Pressure on Whedon for offshoot of ‘Avengers’

Joss Whedon.
Joss Whedon.

WALNUT CREEK, Calif. — Brett Dalton admits he was “a little frightened” when he arrived for his first day of work on the set of Marvel’s Agents of S.H.I.E.L.D.

All he had to do was walk from one end of a room to another when director Joss Whedon signaled “action.” And Dalton did so, it seemed, without a hitch.

Then he saw Whedon rushing toward him, and he panicked. “What the hell are you doing?” the filmmaker bellowed. “How could you mess that up?”

Dalton’s heart froze for an instant — just before he realized Whedon was messing with him.

“He could sense that I was nervous and wanted to let me know there was no need to stress out,” recalls Dalton, who is making his debut as a TV series regular. “He got me laughing and broke the tension.”

You can understand why Dalton, or anyone associated with the show, might be a little on edge. Marvel’s Agents of S.H.I.E.L.D., an ambitious offshoot of last year’s big-screen blockbuster, The Avengers, is the most high-profile, high-stakes endeavor of the fall season. It’s Marvel’s first live-action foray into television and signals the return of Whedon (Buffy the Vampire Slayer), a revered geek god, to prime time.

“There’s a lot of pressure on this show, for sure,” Dalton says. “There’s a big budget and some really big expectations.”

When the S.H.I.E.L.D. pilot episode debuted at Comic-Con this summer, it received a rapturous response from fanboys and girls. But the show will have to reach well beyond the core comic-book fan base to have a shot at longevity.

S.H.I.E.L.D. is airing at 8 p.m. today on ABC, a network known more for soapy shenanigans than super heroics, and it’s in a time slot that pits it against NCIS, TV’s No. 1 drama. It also has the daunting challenge of trying to lure viewers to a show that is only loosely connected to The Avengers and doesn’t feature Thor, Iron Man, or The Hulk.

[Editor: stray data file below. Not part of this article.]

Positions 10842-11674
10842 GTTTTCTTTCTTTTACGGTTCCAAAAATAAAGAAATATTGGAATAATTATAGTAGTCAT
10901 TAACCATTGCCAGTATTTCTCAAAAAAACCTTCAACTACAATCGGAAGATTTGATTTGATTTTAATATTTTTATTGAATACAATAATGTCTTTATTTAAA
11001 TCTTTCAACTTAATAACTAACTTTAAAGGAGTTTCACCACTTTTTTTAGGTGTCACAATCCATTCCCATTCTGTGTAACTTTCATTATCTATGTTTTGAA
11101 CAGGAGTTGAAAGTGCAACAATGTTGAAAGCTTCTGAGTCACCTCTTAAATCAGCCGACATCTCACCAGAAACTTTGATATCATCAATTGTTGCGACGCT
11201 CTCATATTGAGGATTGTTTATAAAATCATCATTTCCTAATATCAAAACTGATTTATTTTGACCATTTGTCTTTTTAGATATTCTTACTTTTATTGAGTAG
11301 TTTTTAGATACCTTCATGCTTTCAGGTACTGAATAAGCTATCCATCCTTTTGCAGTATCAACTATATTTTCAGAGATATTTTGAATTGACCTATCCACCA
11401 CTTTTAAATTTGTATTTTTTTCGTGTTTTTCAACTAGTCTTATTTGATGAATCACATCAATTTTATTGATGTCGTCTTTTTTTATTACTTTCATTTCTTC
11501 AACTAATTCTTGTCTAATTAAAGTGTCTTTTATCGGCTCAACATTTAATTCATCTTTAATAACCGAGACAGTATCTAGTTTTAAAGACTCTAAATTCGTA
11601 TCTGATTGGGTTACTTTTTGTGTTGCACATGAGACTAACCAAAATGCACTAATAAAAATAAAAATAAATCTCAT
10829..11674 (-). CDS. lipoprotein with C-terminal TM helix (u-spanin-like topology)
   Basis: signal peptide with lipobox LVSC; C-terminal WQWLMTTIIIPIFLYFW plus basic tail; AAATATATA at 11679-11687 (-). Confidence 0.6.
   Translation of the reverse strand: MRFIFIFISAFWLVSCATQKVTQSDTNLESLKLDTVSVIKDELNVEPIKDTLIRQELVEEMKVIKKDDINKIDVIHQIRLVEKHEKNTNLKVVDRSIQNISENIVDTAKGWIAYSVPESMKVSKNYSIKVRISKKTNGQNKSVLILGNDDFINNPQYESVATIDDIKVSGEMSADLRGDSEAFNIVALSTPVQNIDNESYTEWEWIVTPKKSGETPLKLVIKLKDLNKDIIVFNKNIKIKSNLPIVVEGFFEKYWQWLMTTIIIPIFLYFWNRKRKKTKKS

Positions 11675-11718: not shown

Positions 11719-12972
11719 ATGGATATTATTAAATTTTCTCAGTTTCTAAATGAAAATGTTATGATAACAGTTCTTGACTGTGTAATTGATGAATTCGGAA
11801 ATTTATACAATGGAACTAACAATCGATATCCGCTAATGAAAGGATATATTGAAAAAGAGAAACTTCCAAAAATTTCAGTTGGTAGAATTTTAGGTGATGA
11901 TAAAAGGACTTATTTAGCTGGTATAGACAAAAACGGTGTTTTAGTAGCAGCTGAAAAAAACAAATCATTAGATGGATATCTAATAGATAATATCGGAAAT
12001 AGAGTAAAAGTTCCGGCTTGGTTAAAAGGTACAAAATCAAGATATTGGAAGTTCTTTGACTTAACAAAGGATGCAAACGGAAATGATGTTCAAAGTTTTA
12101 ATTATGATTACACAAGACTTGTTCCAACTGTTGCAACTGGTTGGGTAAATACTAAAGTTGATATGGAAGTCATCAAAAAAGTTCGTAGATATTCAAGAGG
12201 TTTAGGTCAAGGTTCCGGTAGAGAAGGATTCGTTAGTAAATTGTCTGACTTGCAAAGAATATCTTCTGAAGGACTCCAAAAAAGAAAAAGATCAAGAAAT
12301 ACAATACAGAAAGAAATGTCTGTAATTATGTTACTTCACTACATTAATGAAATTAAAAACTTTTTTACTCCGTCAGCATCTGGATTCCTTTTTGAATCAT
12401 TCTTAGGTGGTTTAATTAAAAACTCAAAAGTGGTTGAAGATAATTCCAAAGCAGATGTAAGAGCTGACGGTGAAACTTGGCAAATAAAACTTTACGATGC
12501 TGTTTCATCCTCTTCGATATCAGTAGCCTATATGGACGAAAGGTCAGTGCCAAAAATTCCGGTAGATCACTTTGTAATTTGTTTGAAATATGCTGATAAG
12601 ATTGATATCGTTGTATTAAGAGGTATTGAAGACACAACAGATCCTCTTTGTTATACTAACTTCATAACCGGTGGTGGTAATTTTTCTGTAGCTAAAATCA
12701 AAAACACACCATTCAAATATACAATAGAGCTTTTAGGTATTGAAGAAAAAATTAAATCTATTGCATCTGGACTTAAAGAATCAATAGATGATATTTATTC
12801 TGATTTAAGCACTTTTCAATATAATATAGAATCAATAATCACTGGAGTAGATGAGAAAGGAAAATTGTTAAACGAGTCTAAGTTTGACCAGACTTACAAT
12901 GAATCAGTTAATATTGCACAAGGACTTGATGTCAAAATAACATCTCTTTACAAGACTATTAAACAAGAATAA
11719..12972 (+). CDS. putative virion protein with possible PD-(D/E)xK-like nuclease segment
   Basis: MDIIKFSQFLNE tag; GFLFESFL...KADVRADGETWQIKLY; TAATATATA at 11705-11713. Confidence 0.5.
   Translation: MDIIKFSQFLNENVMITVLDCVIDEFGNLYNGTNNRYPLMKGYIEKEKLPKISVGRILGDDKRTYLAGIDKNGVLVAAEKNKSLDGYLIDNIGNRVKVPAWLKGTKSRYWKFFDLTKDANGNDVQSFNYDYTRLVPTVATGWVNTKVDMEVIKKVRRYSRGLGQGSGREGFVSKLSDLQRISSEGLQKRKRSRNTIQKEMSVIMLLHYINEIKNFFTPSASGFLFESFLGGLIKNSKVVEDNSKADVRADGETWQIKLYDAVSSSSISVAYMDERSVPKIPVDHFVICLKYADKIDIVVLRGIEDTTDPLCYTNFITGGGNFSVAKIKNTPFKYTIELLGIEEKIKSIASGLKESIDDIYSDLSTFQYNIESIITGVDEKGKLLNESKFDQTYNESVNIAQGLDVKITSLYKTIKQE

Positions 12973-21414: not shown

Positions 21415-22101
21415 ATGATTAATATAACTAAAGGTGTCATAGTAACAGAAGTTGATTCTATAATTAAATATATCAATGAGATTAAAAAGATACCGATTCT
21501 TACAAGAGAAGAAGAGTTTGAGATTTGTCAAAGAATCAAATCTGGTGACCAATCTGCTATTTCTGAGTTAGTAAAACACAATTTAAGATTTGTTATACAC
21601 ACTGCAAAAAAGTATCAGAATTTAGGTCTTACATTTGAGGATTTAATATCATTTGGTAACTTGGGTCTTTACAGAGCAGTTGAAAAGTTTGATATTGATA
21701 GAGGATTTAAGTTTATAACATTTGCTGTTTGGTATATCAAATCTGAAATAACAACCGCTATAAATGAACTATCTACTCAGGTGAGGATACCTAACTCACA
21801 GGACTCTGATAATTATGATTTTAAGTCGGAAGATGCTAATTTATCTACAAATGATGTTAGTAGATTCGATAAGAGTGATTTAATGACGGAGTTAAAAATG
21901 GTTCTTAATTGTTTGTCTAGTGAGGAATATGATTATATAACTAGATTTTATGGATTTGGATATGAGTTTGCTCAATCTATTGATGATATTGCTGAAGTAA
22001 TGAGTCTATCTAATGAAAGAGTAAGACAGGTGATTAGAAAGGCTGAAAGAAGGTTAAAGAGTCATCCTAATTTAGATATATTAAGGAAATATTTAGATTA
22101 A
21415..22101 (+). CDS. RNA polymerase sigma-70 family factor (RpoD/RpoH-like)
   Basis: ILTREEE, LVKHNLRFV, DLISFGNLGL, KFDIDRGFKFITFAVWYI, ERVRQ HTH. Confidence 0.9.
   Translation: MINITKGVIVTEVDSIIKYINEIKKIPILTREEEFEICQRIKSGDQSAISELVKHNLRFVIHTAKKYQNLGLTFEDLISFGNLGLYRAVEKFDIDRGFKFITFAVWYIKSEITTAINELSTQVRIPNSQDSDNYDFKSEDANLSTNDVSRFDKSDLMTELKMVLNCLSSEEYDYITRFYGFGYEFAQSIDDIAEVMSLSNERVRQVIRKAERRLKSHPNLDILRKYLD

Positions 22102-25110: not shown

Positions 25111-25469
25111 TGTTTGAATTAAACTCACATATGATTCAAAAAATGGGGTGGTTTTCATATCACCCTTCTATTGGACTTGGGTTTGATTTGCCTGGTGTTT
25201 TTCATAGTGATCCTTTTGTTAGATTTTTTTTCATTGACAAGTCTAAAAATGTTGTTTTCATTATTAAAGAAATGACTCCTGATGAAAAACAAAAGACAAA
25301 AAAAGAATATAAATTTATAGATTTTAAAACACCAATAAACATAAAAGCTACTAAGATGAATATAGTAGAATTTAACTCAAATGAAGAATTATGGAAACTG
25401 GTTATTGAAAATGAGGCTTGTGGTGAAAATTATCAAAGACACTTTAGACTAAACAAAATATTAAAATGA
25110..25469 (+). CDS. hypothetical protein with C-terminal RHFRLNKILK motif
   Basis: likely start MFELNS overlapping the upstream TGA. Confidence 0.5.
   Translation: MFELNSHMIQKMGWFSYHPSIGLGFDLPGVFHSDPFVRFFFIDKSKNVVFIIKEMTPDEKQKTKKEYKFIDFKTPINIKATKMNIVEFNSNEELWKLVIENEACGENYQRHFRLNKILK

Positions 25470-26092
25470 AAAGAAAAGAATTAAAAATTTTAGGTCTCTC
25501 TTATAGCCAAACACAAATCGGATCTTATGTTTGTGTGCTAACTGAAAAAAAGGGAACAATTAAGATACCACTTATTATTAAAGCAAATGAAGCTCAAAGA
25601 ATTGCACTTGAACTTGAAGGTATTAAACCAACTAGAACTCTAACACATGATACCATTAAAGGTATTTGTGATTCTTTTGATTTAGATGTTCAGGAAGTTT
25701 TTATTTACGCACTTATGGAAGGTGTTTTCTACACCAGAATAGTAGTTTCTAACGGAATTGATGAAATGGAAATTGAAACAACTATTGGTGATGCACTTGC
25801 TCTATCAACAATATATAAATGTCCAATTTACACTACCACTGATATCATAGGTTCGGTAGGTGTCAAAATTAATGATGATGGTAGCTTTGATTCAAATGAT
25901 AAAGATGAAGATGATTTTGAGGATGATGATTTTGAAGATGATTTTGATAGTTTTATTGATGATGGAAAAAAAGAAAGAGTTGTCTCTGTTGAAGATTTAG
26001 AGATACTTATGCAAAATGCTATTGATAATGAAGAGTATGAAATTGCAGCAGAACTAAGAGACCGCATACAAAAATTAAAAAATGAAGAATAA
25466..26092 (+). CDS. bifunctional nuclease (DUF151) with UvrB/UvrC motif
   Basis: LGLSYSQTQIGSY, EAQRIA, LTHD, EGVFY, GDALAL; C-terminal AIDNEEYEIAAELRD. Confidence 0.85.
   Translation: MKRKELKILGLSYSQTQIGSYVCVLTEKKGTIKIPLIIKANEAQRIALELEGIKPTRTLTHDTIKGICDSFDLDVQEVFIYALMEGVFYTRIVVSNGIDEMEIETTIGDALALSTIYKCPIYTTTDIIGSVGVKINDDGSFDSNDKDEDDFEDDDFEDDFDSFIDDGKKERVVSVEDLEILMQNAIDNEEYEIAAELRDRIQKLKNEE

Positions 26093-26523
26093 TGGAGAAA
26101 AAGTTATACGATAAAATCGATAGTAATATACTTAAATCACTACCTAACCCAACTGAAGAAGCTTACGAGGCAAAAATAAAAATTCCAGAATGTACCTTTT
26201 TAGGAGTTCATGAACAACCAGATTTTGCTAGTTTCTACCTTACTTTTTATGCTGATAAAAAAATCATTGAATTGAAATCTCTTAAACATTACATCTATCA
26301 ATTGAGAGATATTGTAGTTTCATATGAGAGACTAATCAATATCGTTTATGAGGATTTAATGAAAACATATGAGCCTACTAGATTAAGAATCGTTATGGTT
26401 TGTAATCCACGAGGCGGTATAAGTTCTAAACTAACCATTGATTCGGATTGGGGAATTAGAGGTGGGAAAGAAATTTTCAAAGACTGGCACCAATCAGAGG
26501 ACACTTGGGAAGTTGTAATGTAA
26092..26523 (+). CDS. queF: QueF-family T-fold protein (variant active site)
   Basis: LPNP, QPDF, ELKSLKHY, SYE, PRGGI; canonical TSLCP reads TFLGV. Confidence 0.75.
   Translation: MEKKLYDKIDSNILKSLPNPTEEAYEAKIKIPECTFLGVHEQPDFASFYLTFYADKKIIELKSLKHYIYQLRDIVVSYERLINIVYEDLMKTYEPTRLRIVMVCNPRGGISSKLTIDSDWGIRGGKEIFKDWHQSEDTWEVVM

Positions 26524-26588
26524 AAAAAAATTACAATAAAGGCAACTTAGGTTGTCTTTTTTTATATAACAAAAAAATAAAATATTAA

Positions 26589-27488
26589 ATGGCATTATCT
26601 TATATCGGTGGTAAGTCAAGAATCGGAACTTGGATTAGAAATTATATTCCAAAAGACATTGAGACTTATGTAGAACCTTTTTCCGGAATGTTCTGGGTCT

Instead, the focus will be on characters who don’t possess stupendous powers — the mortals, as Whedon says, “who didn’t get the hammer or the super soldier serum.”

These underdogs in S.H.I.E.L.D., which stands for Strategic Homeland Intervention, Enforcement, and Logistics Division, are a group of quirky operatives who travel the globe as they investigate bizarre threats to humanity. The story picks up where The Avengers left off, after the epic Battle of New York, in which aliens raided Manhattan. Now, the public is aware that superheroes — and super villains — do exist.

Leading the covert agency is top cop Phil Coulson (Clark Gregg) — yes, the same likable bureaucrat who was killed by Loki in The Avengers. His return from the dead will be explained as the series unfolds.

Agents include Grant Ward (Dalton), a “lone wolf” highly trained in combat and espionage, Skye (Chloe Bennet), a mysterious computer hacker, and Melinda May, an expert pilot and martial artist played by former E.R. star Ming-Na Wen.

As for the Ward character, Dalton describes him as “a one-man ninja, or a Swiss Army Knife” — a guy with a vast variety of talents, but no people skills.